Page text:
James Paul Avery, professor emeritus and former associate dean of the College of Engineering and Applied Science at CU Boulder, died Dec. 1, 2018, after a year and a half battle with a rare form of blood cancer. He was 68.
A memorial service will be at 3 p.m. Jan. 4, 2019, at St. John’s Episcopal Church, 1419 Pine St., Boulder.
He was born July 23, 1950, in Omaha, Nebraska, to Clarence George Avery and Rachel Leah Kasson Avery. He graduated from DeKalb High School in DeKalb, Illinois, in 1968.
He went on to earn a bachelor’s degree in computer science from Michigan State University in 1972 and a Ph.D. in analytical chemistry from the University of Illinois Urbana-Champaign in 1978.
He married Susan Kathryn Rykala on Aug. 12, 1972, in Southfield, Michigan.
Avery had a distinguished academic career, serving as a faculty member in analytical chemistry at the University of Illinois before joining the faculty in electrical and computer engineering at the University of Colorado Boulder in 1982.
At CU Boulder, he served as associate department chair of electrical and computer engineering, technical director of the Integrated Teaching and Learning Laboratory (ITLL) and associate dean of the College of Engineering. He also provided technical and consulting support for the Scientific Shipboard Services Group at Woods Hole Oceanographic Institution.
Avery was a pioneer in the integration of microcomputers into scientific instrumentation, and over a career of decades, developed computer interfaces for blood chemistry and analysis instruments. At Illinois, he was co-inventor of an instrumental concept that has had continuing, broad influence on the design of chemical instrumentation. At Colorado, he developed interfaces for atmospheric radar systems, traveling to such far-flung locales as Australia, Saipan, Greenland, Christmas Island and the South Pole to conduct field work. Nationally known as an innovator in engineering education, he was instrumental to the development of the ITLL – an innovative facility that is dedicated to hands-on engineering and project-based learning.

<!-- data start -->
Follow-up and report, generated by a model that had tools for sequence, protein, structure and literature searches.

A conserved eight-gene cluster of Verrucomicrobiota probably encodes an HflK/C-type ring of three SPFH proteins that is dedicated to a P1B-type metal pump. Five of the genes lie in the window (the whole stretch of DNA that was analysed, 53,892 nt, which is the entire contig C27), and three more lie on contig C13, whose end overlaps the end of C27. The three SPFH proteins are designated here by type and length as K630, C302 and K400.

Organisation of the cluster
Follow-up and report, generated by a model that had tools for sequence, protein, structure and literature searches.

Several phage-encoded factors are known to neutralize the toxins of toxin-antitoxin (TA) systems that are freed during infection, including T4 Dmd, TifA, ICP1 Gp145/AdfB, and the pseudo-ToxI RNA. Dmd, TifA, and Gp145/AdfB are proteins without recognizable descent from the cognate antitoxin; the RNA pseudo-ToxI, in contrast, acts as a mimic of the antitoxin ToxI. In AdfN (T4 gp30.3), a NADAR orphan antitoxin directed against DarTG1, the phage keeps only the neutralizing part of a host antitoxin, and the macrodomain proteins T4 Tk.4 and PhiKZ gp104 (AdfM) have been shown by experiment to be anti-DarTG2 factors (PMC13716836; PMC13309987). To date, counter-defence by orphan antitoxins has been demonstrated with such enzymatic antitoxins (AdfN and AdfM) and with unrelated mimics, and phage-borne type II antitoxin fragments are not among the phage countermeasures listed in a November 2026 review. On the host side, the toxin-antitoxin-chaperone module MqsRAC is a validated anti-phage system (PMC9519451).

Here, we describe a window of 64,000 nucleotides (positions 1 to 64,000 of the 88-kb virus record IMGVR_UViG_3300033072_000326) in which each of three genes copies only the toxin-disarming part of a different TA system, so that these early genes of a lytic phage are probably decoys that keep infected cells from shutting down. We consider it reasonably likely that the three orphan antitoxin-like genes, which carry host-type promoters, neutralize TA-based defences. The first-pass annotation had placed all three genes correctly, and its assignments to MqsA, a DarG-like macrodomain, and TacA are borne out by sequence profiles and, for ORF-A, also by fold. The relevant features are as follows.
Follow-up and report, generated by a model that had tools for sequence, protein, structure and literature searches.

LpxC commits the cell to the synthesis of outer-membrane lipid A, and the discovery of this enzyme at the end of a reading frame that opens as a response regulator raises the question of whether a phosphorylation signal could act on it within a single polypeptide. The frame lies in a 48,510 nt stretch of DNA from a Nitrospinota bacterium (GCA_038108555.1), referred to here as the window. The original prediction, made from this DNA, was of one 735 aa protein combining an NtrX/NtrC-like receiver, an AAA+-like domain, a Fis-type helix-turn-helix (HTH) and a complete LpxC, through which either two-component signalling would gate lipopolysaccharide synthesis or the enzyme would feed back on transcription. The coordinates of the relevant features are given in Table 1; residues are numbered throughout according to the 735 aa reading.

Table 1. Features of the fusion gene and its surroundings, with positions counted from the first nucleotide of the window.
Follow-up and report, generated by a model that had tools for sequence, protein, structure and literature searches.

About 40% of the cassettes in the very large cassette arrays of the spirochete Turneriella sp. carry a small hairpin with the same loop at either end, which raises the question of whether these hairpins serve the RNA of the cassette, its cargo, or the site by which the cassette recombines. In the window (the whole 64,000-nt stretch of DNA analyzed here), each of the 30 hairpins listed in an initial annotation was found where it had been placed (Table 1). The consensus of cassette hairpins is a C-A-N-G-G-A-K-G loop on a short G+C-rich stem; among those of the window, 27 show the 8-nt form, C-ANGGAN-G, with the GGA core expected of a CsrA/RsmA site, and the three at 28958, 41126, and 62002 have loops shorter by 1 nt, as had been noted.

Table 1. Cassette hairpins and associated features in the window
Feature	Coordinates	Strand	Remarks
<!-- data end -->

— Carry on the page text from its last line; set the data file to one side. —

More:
He received the Antarctica Service Medal through the National Science Foundation. He was a senior member of the Institute of Electrical and Electronics Engineers and a member and served on the Board of the Falmouth Historical Society.
Avery was soft-spoken, kind and gentle. Ever inquisitive, the prospect of new discoveries always sparked his enthusiasm and imagination. He worked tirelessly behind the scenes and went out of his way to help people without ever asking for recognition.
He loved all kinds of music, especially classical and jazz, four-wheel-drive adventures and exploring old mines and railroads in the Colorado mountains. Trains, large and small, fascinated him. He was famous for his wit and humor, especially as revealed in his famous annual Christmas letters, better known as The Boulder Blarion and Woods Hole Hollerer. He also enjoyed working with the Boulder Amateur Radio Club Juniors.
He is survived by his wife, Susan Avery, of Boulder; a son, Christopher Scott Avery of Walnut Creek, California; a brother, Robert Scott Avery of Atlanta; and two sisters, Patricia Ann Avery of Hastings, Nebraska, and Mary Virginia Avery of Orlando, Florida.
Memorial contributions may be made to the James Avery Memorial Scholarship Fund at CU Boulder at https://giving.cu.edu/fund/james-avery-memorial-scholarship-fund or CU Advancement, CU Foundation, 1800 Grant St., Denver, 80203.